The Events of 1857
Indian soldiers of the 22nd Native Infantry at Faizabad, UP, revolted against the British on the evening of 8 June 1857 and were joined by their counterparts of the 6th Oudh Irregular Infantry. British officers were kept in captivity overnight, but given boats to go to Dinapur (now Danapur), a cantonment near Patna, the next morning. Early morning on 9 June, 22 British officers set sail in four boats down the Ghagra River. At Ayodhya, two boats docked while two continued downstream until they were ambushed near Begumganj by Indian soldiers; Colonel Goldney, superintendent commissioner of Faizabad, and Sergeant Major Matthews were killed. The remaining six British officers, in the other boat, fled ashore (the first boat ran into a sandbank and its occupants were captured), and continued running; they ran into more Indian soldiers and jumped into a stream to escape. Two officers drowned in that stream and the other four swam ashore and ran towards a village, where they were given shelter and food.
These Britons were given escorts and started towards Amorha, which they reached early morning 10 June. At Amorha, they met the three officers from a boat that had docked at Ayodhya, and the party of seven British officers started moving towards Captaingunge (in Basti district) at 7 am on 10 June. They reached the place late that morning and were told by the tehsildars there that rebellious soldiers of the 17th Native Infantry at Gorakhpur were at Basti and so it wouldn’t be safe for them to go to Basti. They were provided escorts and ponies and advised to go to Gaighat (the Ghagra used to flow through Gaighat before it changed course), from where they’d get boats for Dinapur.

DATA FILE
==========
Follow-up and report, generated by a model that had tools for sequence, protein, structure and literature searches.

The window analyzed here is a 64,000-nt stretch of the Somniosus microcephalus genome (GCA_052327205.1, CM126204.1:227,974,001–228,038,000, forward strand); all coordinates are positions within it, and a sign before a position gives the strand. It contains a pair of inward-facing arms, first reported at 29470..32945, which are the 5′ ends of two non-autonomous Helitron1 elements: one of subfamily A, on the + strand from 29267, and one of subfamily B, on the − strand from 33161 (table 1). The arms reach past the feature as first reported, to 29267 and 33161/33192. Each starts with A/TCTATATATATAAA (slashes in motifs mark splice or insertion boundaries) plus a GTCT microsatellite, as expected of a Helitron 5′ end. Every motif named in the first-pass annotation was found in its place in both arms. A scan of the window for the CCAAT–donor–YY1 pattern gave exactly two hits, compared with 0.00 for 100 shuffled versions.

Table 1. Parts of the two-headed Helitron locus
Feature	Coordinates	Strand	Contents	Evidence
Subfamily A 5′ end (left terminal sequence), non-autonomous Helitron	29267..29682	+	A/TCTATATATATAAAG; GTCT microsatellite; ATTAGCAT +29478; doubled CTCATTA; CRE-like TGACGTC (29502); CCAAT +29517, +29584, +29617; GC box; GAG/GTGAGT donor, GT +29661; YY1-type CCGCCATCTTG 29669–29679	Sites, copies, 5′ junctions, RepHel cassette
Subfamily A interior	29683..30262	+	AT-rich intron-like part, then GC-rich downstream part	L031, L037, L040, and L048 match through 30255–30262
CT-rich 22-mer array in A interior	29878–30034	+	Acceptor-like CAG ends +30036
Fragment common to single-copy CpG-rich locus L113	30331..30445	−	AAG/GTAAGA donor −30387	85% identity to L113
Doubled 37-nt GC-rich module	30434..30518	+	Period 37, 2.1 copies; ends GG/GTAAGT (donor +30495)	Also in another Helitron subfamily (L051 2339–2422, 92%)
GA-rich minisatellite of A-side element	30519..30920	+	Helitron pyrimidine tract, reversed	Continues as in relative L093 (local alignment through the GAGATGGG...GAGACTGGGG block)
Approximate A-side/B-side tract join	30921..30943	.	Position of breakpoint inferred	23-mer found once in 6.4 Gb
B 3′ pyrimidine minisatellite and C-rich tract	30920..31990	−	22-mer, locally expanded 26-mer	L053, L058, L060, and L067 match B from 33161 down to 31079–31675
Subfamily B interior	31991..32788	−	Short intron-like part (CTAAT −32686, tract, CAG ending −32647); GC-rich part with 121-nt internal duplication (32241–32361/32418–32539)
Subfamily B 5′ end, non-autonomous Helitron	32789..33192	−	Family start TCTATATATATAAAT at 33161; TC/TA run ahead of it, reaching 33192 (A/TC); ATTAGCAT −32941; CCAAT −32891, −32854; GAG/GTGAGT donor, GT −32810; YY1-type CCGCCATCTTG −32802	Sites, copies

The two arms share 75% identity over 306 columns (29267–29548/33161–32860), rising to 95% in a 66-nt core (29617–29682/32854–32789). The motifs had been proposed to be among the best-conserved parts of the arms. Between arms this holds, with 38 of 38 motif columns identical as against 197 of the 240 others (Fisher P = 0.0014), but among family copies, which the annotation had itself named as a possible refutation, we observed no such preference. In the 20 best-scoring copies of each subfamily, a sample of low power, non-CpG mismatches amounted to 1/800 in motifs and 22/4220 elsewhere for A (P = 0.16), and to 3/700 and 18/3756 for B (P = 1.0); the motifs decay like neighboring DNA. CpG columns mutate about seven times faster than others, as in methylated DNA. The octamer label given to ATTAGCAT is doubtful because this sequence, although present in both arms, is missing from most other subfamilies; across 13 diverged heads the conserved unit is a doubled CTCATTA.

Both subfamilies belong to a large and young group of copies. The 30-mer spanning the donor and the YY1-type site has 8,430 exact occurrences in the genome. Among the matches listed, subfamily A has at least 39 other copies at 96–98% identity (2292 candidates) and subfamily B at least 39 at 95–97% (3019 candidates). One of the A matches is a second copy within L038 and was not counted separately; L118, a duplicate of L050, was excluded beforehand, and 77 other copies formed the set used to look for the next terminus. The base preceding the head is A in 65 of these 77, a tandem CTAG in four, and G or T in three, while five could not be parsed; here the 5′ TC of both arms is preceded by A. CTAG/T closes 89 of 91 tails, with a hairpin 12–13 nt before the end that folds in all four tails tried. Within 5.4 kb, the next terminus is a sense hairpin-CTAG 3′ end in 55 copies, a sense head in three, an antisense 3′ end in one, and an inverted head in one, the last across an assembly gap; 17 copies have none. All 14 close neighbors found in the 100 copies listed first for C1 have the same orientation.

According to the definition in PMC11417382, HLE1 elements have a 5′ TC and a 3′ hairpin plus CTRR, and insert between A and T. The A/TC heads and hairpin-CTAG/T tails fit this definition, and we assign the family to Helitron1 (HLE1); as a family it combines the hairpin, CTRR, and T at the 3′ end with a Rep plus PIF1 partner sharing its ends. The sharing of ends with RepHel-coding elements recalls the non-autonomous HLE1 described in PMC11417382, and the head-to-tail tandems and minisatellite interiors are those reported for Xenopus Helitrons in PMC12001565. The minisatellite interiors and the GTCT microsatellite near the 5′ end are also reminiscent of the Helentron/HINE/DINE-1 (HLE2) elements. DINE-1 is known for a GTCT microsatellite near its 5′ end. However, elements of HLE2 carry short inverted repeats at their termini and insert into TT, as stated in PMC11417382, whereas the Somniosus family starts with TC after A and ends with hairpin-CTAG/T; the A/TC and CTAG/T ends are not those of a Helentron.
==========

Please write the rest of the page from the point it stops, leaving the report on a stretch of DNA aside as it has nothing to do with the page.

The party reached Mahua Dabar, where one of the escorts (burkandazees) invited the British into the village for refreshments. According to Sergeant Busher, the villagers were armed and clearly hostile. The British managed to pass through the village, but on reaching its outskirts on the bank of the Manorama River, the villagers started chasing them with swords and matchlocks, and killed six of them—lieutenants TE Lindsay, WH Thomas and GL Caulty, and sergeants AF English, TJ Ritchie and Edwards. Zafar Ali, a descendant of one of the families that fled Bengal, led the angry mob. Only Sergeant Busher managed to escape.
According to records, the British were shaken badly by the revolt in the Gorakhpur-Basti-Faizabad belt and the massacre of six of their officers, especially as nowhere else had ordinary civilians killed so many British soldiers during the 1857 War of Independence. “The British felt the residents of Mahua Dabar had to be taught a lesson, and so the Gorakhpur Collector W Peterson commissioned a particularly cruel indigo planter, one William Peppe, to destroy Mahua Dabar after granting him the rank of a deputy magistrate,” says Dr Jai Prakash Narain Tripathi, head of history department at Basti’s prominent APN College, who has carried out extensive research on Mahua Dabar’s history. Peppe was given half the troops of the 12th Irregular Horse Cavalry for the task. On 20 June 1857, he reached Mahua Dabar—and ordered the killing of civilians there. Hundreds fled, but an equal number were butchered. All structures were then pulled down and set afire. The debris was levelled to the ground. The episode in all its enormity took nearly two weeks, and on 3 July 1857, Mahua Dabar was no more.